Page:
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Monday, August 20, 2018 19:18

Archive for 2018

Stack vs Heap memory

Wednesday, August 15th, 2018

Today we are going to talk all about memory. There are multiple types of memory when it comes to software, but for now we are only interested in two of them: the Stack and the Heap. Whenever we execute a program, its instructions are loaded into the RAM of the computer, and the operating system will allocate a bunch of physical RAM, so that the executable can run.… Read more

Breakpoints and local variables

Wednesday, August 8th, 2018

Breakpoints are arguably the most used feature in the process of debugging. As their name suggests, they are literally a point where the execution of your program will break, or more precisely, will pause. Whenever the execution of a program is in this paused state, which isn’t design time, but it’s neither runtime (you could say it is an intermediary between these two states), we say that the program is in debug time, or debugging mode.… Read more

First steps in Debugging: understanding common errors

Tuesday, August 7th, 2018

As I said many times, debugging is the process of correcting errors in the codes of your programs. That is only partially true. Debugging is also about understanding the error and understanding why the bug was there in the first place.… Read more

The Using directive

Sunday, August 5th, 2018

.NET provides a simplified and easier way of working with resources that needs to be disposed (released when we no longer need them) through construct called a Using directive. Here is an example of how we can read a filename (just like in our previous two lessons) and automatically release it when we are done dealing with it, using this keyword:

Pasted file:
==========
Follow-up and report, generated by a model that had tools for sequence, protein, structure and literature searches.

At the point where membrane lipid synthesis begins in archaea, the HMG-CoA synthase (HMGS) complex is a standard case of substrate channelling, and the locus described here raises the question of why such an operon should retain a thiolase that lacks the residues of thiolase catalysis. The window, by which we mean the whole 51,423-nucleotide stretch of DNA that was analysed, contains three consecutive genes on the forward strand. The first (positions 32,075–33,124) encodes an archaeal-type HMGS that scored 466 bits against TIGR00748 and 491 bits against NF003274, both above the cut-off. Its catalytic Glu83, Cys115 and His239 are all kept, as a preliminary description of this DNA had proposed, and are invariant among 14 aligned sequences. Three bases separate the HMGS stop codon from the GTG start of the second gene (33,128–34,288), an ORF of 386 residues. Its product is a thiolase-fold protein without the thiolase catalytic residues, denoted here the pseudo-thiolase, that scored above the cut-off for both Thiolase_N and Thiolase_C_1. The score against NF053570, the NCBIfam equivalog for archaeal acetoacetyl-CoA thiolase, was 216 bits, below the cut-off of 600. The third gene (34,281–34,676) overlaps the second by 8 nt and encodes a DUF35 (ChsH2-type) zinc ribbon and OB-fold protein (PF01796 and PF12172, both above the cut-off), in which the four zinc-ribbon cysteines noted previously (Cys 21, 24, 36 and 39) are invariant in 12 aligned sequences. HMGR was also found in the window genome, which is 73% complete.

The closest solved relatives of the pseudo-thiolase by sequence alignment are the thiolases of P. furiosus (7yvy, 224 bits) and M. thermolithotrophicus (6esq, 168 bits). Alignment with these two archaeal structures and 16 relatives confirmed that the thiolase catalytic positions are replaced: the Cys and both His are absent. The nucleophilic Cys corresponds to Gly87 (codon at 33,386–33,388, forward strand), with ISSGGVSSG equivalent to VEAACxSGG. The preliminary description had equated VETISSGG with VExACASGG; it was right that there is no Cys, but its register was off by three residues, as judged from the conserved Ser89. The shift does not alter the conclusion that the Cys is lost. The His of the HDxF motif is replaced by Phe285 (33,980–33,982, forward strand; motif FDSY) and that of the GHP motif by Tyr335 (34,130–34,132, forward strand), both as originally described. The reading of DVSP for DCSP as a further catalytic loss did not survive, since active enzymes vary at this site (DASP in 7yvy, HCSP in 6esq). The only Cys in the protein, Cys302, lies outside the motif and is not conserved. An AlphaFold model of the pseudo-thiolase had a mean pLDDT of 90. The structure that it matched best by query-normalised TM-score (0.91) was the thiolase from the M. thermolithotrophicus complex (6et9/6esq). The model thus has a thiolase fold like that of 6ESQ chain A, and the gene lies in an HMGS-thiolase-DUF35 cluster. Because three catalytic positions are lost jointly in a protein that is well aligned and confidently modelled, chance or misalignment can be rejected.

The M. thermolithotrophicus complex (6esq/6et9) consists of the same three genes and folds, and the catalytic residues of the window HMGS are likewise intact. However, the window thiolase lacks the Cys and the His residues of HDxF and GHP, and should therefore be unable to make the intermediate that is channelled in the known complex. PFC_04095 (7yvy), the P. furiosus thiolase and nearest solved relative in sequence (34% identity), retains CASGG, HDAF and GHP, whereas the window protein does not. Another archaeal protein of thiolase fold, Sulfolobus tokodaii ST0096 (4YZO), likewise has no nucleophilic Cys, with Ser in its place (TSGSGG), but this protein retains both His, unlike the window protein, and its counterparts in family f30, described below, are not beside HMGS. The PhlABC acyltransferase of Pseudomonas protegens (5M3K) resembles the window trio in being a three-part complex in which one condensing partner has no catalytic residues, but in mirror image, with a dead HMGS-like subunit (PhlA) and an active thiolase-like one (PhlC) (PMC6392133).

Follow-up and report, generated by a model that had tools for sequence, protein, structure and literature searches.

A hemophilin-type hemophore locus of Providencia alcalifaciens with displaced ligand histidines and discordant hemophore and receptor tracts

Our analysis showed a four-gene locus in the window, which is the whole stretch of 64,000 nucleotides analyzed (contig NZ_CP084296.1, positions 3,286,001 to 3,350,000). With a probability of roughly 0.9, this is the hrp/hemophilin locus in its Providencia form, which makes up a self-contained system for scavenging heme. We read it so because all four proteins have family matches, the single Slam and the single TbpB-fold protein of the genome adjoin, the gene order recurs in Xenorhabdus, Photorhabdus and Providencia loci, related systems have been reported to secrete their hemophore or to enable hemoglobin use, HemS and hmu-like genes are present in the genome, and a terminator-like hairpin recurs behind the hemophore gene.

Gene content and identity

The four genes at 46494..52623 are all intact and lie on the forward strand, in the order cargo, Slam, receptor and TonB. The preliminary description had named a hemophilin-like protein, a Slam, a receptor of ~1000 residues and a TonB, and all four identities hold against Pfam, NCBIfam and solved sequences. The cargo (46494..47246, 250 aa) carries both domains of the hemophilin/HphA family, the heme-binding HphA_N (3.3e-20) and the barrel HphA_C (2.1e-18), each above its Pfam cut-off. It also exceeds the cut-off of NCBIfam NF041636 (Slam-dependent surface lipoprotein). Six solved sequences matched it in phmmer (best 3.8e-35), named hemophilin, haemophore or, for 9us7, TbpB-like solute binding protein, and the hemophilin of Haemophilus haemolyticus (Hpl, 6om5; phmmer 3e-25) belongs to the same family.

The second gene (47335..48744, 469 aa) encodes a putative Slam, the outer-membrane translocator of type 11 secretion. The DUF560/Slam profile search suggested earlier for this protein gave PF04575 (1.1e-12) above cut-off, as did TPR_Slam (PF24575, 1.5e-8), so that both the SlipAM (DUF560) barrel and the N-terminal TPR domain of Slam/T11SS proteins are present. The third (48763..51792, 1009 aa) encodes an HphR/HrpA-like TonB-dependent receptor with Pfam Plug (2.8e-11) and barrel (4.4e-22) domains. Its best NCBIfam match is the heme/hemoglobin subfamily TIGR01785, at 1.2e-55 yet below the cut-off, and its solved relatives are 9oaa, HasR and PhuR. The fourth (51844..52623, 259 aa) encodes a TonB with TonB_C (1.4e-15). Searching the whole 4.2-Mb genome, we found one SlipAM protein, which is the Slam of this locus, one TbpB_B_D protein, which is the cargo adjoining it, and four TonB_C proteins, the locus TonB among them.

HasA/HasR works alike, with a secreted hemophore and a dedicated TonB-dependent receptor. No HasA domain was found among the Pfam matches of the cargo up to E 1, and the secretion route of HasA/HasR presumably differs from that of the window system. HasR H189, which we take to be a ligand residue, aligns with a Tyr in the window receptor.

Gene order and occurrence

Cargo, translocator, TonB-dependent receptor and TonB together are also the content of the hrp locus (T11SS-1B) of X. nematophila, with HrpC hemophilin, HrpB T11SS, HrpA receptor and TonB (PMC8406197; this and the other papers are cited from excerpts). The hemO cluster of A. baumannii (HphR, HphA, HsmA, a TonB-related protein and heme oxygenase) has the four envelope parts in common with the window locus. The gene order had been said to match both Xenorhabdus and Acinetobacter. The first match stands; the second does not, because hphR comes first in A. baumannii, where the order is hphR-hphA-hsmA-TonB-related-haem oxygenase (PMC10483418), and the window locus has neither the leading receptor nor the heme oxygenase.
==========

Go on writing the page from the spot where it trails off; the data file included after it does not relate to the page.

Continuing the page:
By enclosing the declaration of our reader variable inside the using instruction, we can use it just as we normally would, but we don’t need to worry about releasing the file when we are done with it.… Read more

Try Catch Finally

Friday, August 3rd, 2018

Continuing from the last lesson, we now know that every time we deal with codes that might generate errors, we should use a Try Catch code construct. You should also know that this great construct offers one more great feature, a Finally block.… Read more

Handling exceptions with Try Catch

Thursday, June 28th, 2018

Usually, when an exception is thrown, the program crashes or begins to malfunction. Fortunately, there is a way to prevent this that allows us to run codes that may generate exceptions, and still safely continue the execution in case of an error.… Read more

Exceptions

Sunday, June 17th, 2018

In an ideal world, a computer program will execute anything the programmer intended, the way the programmer intended. But since we don’t live in an ideal world (sadly), there are moments when due to the programmer’s mistake or to external conditions, these programs will malfunction or function in a way not intended, causing an exception from what we would normally expect.… Read more

Other Data Structures

Saturday, June 16th, 2018

Surprisingly, you will notice that we have already used these data structures before, without knowing they were data structures: the class and the structure. Whenever we instantiate one of these, we are actually using it as a data structure (more or less).… Read more

Sorted Set

Saturday, June 16th, 2018

Sorted Set is the preferred data structure when we want to have sorted items and also to eliminate duplicate elements. Unfortunately, its performance is worse than that of a Hash Set or a Dictionary. The following program declares a new Sorted Set and adds elements to it:

Hash Set

Thursday, June 14th, 2018

There are two types of Sets in the System.Collections.Generic namespace: SortedSet and HashSet. Both of them offer the functionality of storing non-duplicate items. The main difference between them is the fact that the SortedSet obviously has its items sorted. Therefor, if you do not care about the order in which the items are stored, you are better off performance-wise to use a HashSet.… Read more